Cuomo's Legal Woes Could Cost Taxpayers Millions

New governor can decide whether state will continue to pay Cuomo's lawyers
By Newser Editors and Wire Services
Posted Sep 1, 2021 12:01 AM CDT
Cuomo's Legal Woes Could Cost the Public $9.5M
New York Gov. Andrew Cuomo speaks during a news conference, Monday, May 10, 2021 in New York.   (AP Photo/Mary Altaffer, Pool)

Resigning from office probably didn’t end former Gov. Andrew Cuomo’s legal problems, and no matter what happens next, taxpayers are likely to wind up with a hefty bill, the AP reports. The state has already agreed to pay up to $9.5 million to lawyers representing and investigating Cuomo and his administration over sexual harassment allegations and other matters, according to an AP review of available contracts. That figure—which represents the maximum amount that could be spent, not actual bills submitted so far—includes up to $5 million for lawyers who have represented Cuomo’s office, up to $3.5 million for lawyers hired by the state attorney general to investigate sexual harassment allegations against the Democrat, and at least $1 million in bills for lawyers hired by the legislature as part of an impeachment investigation. It doesn’t include the legal fees of Cuomo’s private attorney, Rita Glavin, whose bills are being paid by his campaign committee.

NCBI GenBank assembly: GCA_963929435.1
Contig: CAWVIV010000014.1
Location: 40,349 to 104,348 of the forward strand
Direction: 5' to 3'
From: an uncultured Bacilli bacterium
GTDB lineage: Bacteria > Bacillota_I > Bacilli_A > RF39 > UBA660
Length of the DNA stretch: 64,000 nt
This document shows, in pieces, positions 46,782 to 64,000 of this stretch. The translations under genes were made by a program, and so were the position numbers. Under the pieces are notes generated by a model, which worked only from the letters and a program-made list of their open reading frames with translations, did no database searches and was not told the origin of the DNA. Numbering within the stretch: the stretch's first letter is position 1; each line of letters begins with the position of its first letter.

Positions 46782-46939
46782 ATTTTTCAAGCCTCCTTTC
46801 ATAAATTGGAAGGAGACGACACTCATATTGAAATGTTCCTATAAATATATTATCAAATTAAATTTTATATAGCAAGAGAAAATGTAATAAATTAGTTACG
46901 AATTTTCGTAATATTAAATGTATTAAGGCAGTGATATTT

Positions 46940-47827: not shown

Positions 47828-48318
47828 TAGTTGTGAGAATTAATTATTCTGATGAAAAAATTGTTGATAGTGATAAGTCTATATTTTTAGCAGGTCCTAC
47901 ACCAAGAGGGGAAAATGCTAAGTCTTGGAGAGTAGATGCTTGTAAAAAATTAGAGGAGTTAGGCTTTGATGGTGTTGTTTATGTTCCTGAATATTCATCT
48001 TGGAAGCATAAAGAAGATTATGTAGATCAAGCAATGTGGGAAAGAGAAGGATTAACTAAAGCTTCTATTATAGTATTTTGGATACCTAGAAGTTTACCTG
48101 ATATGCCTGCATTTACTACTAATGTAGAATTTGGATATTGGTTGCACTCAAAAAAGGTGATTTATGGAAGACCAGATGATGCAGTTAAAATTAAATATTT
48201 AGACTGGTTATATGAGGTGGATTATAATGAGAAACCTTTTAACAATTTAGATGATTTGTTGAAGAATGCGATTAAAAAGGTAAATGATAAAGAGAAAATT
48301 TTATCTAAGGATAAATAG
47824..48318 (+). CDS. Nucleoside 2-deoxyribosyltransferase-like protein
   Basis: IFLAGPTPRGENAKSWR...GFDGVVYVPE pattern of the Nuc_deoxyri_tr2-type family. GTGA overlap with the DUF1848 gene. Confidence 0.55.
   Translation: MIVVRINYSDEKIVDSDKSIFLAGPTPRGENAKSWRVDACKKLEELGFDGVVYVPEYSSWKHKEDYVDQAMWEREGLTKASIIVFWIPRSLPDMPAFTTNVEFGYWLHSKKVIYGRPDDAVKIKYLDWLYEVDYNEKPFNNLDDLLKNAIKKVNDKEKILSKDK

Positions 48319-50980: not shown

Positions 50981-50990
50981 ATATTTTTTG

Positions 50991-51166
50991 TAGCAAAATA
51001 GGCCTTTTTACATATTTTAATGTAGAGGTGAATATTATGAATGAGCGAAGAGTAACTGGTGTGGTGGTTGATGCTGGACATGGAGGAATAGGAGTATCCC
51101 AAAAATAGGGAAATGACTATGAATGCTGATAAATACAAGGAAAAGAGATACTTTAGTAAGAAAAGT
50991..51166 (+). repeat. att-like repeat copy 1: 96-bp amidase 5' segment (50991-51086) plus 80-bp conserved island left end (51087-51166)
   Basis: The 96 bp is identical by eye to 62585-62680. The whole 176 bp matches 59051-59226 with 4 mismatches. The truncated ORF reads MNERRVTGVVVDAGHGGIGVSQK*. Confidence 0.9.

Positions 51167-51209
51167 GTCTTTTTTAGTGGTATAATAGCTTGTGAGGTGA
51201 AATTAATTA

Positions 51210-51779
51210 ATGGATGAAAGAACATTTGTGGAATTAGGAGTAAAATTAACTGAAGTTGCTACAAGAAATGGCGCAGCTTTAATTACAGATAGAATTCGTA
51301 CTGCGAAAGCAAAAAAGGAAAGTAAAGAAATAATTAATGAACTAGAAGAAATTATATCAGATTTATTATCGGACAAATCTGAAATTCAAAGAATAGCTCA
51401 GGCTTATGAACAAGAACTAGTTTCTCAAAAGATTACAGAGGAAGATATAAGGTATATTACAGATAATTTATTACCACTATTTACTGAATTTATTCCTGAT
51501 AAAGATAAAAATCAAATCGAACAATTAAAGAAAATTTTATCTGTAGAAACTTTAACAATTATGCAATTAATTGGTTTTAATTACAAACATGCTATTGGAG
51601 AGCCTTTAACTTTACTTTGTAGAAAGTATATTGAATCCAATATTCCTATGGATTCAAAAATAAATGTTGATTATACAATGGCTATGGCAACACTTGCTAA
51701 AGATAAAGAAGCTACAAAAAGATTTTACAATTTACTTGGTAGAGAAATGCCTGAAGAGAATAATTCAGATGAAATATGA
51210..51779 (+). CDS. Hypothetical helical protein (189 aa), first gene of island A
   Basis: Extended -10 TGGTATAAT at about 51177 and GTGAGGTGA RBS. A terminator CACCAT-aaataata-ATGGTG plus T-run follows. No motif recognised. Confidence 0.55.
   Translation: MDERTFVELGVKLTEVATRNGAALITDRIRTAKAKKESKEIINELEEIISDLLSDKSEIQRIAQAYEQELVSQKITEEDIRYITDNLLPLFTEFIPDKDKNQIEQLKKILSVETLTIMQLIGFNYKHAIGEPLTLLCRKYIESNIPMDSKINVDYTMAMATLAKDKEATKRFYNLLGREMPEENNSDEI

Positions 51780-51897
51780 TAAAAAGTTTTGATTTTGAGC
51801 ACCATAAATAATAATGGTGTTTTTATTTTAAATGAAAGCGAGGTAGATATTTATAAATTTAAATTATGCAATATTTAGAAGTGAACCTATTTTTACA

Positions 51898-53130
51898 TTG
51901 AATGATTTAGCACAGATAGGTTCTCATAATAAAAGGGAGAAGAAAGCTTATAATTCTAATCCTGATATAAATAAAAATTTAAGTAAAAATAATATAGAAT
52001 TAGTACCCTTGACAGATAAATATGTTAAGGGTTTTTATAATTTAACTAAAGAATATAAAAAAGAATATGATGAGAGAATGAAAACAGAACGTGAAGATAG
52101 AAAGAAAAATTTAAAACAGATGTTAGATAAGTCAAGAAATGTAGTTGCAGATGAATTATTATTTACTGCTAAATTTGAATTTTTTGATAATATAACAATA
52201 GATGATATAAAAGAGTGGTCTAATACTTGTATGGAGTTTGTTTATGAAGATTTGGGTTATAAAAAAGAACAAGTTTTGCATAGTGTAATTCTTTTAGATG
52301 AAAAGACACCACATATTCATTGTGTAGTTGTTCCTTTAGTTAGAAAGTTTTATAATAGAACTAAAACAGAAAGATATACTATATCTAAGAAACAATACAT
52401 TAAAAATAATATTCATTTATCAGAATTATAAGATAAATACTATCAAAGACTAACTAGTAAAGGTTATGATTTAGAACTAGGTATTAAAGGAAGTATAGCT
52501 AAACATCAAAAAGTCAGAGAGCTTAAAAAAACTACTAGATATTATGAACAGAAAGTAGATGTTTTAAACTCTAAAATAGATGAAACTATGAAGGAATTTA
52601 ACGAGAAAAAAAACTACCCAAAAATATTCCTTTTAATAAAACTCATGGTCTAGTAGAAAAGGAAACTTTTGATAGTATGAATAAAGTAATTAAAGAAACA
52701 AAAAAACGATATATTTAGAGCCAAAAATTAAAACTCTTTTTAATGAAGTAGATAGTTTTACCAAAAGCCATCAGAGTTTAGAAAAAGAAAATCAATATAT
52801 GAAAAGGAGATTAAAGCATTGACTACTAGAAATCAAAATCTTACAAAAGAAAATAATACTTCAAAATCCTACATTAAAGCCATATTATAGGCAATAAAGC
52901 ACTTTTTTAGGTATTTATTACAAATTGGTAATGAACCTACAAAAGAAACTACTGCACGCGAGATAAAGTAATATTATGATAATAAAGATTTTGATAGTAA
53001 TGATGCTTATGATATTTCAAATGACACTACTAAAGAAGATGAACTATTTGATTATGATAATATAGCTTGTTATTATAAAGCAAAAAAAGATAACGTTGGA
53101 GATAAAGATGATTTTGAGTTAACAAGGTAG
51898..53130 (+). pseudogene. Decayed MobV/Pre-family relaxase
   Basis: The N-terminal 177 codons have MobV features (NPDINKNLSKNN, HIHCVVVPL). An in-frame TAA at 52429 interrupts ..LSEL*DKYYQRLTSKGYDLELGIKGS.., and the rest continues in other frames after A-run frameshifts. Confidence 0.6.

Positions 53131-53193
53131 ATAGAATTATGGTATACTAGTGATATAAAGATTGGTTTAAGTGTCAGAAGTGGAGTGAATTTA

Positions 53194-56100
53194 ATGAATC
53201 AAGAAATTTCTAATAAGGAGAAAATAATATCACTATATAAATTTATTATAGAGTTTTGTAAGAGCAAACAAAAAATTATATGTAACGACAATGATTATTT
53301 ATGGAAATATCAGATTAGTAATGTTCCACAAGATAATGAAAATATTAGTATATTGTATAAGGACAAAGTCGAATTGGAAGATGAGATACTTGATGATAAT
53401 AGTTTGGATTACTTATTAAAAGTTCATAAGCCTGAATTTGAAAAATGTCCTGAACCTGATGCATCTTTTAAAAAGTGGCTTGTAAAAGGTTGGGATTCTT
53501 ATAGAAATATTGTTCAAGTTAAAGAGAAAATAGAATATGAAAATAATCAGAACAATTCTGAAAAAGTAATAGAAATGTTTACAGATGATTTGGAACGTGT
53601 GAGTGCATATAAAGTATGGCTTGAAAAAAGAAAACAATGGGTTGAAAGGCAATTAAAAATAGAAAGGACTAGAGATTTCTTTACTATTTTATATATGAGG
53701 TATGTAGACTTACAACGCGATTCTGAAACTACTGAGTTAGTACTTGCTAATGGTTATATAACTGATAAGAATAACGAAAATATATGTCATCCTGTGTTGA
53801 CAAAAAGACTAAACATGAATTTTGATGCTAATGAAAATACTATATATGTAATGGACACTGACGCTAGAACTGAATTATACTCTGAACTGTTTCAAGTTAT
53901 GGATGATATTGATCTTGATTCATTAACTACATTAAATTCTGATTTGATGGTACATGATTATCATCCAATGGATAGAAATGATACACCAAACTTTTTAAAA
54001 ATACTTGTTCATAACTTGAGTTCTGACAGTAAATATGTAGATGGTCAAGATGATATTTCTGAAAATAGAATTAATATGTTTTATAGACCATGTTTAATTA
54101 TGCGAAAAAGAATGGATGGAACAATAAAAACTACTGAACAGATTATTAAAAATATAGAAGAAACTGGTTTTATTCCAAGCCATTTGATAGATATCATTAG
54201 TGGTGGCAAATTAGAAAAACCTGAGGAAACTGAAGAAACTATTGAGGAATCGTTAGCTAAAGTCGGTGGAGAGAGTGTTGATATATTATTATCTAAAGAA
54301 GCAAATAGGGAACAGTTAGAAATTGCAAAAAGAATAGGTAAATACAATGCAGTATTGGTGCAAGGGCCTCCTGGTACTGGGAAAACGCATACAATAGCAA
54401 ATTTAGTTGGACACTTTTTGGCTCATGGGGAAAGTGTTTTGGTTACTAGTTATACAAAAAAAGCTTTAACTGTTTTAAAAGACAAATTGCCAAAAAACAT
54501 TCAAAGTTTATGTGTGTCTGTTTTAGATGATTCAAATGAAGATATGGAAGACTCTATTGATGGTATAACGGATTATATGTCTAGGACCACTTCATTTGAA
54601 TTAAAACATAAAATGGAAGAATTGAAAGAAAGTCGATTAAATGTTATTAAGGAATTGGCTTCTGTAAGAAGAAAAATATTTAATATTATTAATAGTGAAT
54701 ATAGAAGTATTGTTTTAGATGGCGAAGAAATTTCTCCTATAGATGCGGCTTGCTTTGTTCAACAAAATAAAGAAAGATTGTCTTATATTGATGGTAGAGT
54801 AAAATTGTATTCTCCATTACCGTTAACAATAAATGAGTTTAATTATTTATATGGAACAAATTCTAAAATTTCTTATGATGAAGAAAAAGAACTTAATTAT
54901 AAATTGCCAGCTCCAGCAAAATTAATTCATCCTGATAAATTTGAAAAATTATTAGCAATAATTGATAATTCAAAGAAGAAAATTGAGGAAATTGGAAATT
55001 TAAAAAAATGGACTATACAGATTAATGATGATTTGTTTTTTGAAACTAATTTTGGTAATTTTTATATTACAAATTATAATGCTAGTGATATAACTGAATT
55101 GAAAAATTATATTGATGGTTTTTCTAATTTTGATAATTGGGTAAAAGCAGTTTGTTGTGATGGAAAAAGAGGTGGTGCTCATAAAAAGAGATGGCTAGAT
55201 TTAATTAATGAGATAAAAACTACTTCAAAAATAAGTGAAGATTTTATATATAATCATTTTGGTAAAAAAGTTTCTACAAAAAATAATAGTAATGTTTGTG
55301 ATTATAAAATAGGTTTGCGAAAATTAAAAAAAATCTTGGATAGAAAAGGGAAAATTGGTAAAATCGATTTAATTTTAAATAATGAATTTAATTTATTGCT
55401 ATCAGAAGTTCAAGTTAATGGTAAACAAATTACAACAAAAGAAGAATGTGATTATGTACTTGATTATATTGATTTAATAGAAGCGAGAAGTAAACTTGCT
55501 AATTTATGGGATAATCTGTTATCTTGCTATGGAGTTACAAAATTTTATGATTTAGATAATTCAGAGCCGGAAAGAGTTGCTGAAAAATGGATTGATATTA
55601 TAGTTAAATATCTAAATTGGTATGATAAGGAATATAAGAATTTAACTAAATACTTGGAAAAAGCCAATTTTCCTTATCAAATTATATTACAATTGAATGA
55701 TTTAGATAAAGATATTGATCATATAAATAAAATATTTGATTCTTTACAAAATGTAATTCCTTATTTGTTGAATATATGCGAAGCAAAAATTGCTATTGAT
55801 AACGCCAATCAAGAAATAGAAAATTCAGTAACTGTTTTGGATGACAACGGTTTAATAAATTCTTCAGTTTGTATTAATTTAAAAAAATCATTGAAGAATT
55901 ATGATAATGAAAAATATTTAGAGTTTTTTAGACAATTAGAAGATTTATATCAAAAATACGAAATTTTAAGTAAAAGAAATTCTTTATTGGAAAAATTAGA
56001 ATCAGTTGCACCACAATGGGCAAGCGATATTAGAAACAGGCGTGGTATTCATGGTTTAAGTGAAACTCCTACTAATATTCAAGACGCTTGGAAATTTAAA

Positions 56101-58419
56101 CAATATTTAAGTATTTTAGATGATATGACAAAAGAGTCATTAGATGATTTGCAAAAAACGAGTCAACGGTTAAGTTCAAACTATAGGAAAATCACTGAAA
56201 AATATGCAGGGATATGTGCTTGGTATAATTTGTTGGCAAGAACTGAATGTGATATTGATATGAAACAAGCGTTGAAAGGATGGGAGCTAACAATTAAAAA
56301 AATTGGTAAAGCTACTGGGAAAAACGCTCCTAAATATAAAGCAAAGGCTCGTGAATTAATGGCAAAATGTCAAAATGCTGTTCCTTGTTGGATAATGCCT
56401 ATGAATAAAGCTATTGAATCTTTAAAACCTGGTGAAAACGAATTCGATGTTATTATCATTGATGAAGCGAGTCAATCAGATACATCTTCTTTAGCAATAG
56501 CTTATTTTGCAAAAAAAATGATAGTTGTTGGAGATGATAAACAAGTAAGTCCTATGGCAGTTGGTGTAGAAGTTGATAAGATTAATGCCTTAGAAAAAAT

Cuomo’s successor, Gov. Kathy Hochul, can decide whether the state will continue to pay lawyers to defend the former governor and his administration going forward. Cuomo, a Democrat, and his administration face the possibility of civil lawsuits from women who have accused him of sexual harassment. At least one woman, Lindsey Boylan, has said she intends to sue the ex-governor “and his co-conspirators” over their conduct; other suits seem likely. The Albany sheriff is investigating a groping allegation. The state attorney general is looking into Cuomo’s use of state employees to help with a book he wrote. Federal prosecutors are investigating his administration’s handling of nursing home death data. He’s also facing a state ethics commission inquiry.

Normally, individuals sued over their conduct as state employees are defended on the state’s dime. Cuomo, however, could also face individual liability if a court concludes he did something wrong. As governor, he signed a law that obligates state employees who commit sexual harassment on the job to reimburse the state for any judgements paid out because of their wrongdoing. Cuomo could potentially dip into his $18 million campaign war chest to pay legal costs, including a judgment. If he winds up facing criminal charges over the groping allegation made by a former aide, he would likely have to pay for his own defense lawyer. But under state law, he could seek reimbursement from the state if he were to be acquitted on the grounds that the allegations had to do with his job.

(More Andrew Cuomo stories.)

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